US flower farms threatened by fires

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The US flower sector is being threatened by the Thomas Fire in Southern California, a fire that has already consumed 96,000 acres and is rapidly expanding due to winds and dry conditions.

More than 30,000 people are under mandatory evacuation orders in Santa Barbara in southern California after wildfires burned more than 270 square miles of the state.

Authorities warned the raging fire was only 15% contained and that rate may fall because of the fire’s expected growth.

A powerful flare-up on the western edge of the region’s largest and most destructive wildfire sent residents fleeing on Sunday, as wind-fanned flames churned through old-growth brush in canyons and along hillsides toward coastal towns.

The fire is burning close to nearly two dozen flower farms in the Carpinteria Valley, known as “the flower basket of the United States.” Smaller fires have also been reported near flower farms in San Diego and Lompoc.

To help track the fires and their potential impact on flower farms, the California Cut Flower Commission (CCFC) has created an interactive online map that shows which of the state’s flower farms are near fire locations. View the map, which is being regularly updated, at ccfc.org/fires.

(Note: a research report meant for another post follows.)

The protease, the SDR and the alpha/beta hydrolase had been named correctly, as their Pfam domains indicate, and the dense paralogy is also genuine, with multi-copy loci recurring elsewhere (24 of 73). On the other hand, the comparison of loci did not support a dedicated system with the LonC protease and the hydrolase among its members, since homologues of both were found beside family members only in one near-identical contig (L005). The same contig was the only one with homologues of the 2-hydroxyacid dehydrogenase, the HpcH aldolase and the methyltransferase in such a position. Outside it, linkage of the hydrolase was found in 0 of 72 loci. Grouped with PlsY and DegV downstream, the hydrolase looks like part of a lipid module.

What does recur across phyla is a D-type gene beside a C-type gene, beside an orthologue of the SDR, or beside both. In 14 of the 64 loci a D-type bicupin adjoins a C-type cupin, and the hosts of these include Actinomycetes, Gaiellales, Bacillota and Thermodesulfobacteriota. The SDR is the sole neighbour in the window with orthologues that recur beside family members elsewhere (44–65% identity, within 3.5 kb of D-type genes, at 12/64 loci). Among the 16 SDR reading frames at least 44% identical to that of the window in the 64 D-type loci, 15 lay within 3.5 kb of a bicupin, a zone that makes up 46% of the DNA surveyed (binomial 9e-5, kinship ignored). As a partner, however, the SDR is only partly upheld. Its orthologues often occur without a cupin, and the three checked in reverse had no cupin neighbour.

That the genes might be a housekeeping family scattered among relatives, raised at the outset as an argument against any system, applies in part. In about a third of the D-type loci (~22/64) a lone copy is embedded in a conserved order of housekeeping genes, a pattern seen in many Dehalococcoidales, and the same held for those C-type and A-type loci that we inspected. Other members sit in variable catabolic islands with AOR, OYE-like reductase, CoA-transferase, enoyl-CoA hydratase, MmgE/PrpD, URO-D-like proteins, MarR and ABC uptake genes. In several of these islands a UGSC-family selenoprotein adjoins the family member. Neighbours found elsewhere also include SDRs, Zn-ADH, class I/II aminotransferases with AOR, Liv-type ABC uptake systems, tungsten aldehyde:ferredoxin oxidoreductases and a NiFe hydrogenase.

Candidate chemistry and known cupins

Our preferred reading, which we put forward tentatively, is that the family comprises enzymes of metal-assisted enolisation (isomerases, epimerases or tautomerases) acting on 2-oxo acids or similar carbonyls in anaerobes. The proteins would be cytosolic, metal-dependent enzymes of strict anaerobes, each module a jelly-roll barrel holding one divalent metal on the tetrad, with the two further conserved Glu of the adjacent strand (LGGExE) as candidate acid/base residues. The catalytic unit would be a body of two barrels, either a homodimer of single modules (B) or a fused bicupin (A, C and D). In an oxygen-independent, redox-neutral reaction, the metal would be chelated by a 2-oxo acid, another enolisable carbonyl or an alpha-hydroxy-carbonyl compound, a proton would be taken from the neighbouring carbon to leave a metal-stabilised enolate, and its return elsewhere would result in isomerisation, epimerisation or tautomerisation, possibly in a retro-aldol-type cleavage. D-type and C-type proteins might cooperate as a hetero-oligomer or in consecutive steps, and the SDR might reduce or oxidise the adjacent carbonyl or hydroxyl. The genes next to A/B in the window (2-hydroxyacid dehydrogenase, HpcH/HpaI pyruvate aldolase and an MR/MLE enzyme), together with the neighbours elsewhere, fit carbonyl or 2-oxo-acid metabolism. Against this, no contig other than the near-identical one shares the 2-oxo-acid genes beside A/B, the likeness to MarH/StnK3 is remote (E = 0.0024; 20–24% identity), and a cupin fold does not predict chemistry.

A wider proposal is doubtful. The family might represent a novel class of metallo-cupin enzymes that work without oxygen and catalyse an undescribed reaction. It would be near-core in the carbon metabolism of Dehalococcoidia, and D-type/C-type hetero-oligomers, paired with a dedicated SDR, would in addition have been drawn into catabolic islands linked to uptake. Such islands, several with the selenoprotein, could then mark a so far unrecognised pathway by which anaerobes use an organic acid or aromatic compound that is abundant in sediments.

To add to the conversation and provide additional updates, several Southern California flower farmers will be using Facebook Live to provide updates and video of the fires.

“The map shows the fires statewide and will help answer the questions we’re currently hearing a lot, like ‘How are these farms that I’ve bought my flowers for decades from doing?’” said Kasey Cronquist, CCFC CEO and ambassador.

The raging Thomas Fire, which is now edging closer to Ojai and Carpinteria on two fronts and forced the closure of Highway 101 and Highway 150 for hours Thursday as flames burned on both sides of the freeway, started Monday night in Santa Paula and quickly tore through Ventura toward the Pacific Ocean.

The wildfire has 5 percent containment and is burning its way into the Los Padres National Forest.

Ventura County Fire Chief Mark Lorenzen said if the wind continues, and rain doesn’t touch the region, the Thomas fire could continue for a few more weeks.

Visit CCFC.org/fires and follow the California Cut Flower Commission on social media for ongoing updates.

 

Image: Southern California US Air Force photo by Senior Master Sgt. Dennis W. Goff

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